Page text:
(Nov. 3, 1:38 p.m.) SANTA MONICA, Calif. — When the federal School Fresh Fruit & Vegetable Snack Program was launched with the 2008 farm bill, it was the culmination of a six-year effort by Lorelei DiSogra, vice president of nutrition and health for the Washington, D.C.-based United Fresh Produce Association.

DiSogra, previously director of the national 5 a Day program at the Bethesda, Md.-based National Cancer Institute, has pushed for the program ever since it was incorporated as a pilot program into the 2002 farm bill.

“I brought this with me when I went to United Fresh 3 ½ years ago,” she said. “United Fresh has always been the lead organization behind trying to secure the funding to expand this program.”

DiSogra was on hand along with A.G. Kawamura, California agriculture secretary, and several state and school district officials when the program was formally unveiled in the state at Will Rogers Learning Community Oct. 30.

The school will receive $26,100 — $50 per student.

The program, which is aimed at schools with a large proportion of low-income students, was designed to increase children’s consumption of fruits and vegetables, which, in turn, should reduce childhood obesity and improve health.

The farm bill funded the program with $1.2 billion over 10 years, DiSogra said.

This year, schools will get $49 million, but that figure will double next year and triple the year after that.

“That shows the support of this program in Congress,” she said. “They want it to reach as many kids as possible, and they want it to grow every single year.”

California will get the largest grant — about $2.75 million — because it has the largest population. It’s administered there by the California Department of Education, Child Nutrition Division.

The program started on a trial basis six years ago in four states. It now is available in all 50 states and territories.

More than 1 million schoolchildren are participating this year, DiSogra estimated, and that number should grow to 3 million in three years. More than 1,300 schools participate nationwide.

At the official unveiling of California’s program in Santa Monica, Kawamura expressed appreciation for the federal funding and to United Fresh, Irvine, Calif.-based Western Growers and other organizations that pushed for its adoption.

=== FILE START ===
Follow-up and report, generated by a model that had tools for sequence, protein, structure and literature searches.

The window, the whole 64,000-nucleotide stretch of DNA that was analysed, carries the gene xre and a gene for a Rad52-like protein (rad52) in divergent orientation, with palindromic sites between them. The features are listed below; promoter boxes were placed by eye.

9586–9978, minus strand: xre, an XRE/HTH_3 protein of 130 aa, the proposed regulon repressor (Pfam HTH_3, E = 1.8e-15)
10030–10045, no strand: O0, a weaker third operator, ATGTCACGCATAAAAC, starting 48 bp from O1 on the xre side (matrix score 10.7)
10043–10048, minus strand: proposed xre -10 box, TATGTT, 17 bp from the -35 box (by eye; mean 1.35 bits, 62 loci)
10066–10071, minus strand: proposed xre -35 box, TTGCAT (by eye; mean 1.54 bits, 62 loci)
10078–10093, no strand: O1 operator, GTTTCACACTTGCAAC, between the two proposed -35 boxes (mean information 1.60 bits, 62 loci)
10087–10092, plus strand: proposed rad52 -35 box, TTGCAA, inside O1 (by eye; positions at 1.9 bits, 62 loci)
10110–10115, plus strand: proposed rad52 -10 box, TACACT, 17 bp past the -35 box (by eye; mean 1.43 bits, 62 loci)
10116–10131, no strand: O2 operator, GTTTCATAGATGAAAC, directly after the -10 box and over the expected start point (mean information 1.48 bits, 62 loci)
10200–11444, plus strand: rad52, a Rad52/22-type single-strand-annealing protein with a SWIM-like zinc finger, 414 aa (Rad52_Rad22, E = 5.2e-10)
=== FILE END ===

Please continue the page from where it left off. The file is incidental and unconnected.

In talking to fifth graders at the school, he said he learned that kids already were discovering unusual fruits and vegetables that they had not been exposed to before.

The program enables schools to teach “not only academics, but healthy habits for life,” said Dona Richwine, nutritionist for the Santa Monica-Malibu Unified School District.

It has taught kids that consuming fresh produce is beneficial, added Matt McInerney, executive vice president of Western Growers.

“The children are taking that message home to their parents and encouraging them to buy fresh fruits and vegetables,” he said.

Western Growers was one of 120 organizations that worked to expand the pilot program, said McInerney, who praised DiSogra as “a passionate advocate for this initiative.”

The program quickly changes kids’ eating behavior and has resulted in their dropping less money into vending machines and eating less candy, chips and soda and more fruits and vegetables, DiSogra said.

The World Health Organization has lauded the program as one of the most effective strategies for decreasing childhood obesity, she said, adding, “Now this program is offered in many countries around the world.”

School produce snack program comes to California
California agriculture secretary A.G. Kawamura (left center) and Lorelei DiSogra, vice president of nutrition and health for the United Fresh Produce Association, hand out fresh produce to students at Will Rogers Learning Community on Oct. 30, as the federal School Fresh Fruit & Vegetable Snack Program is formally unveiled in California.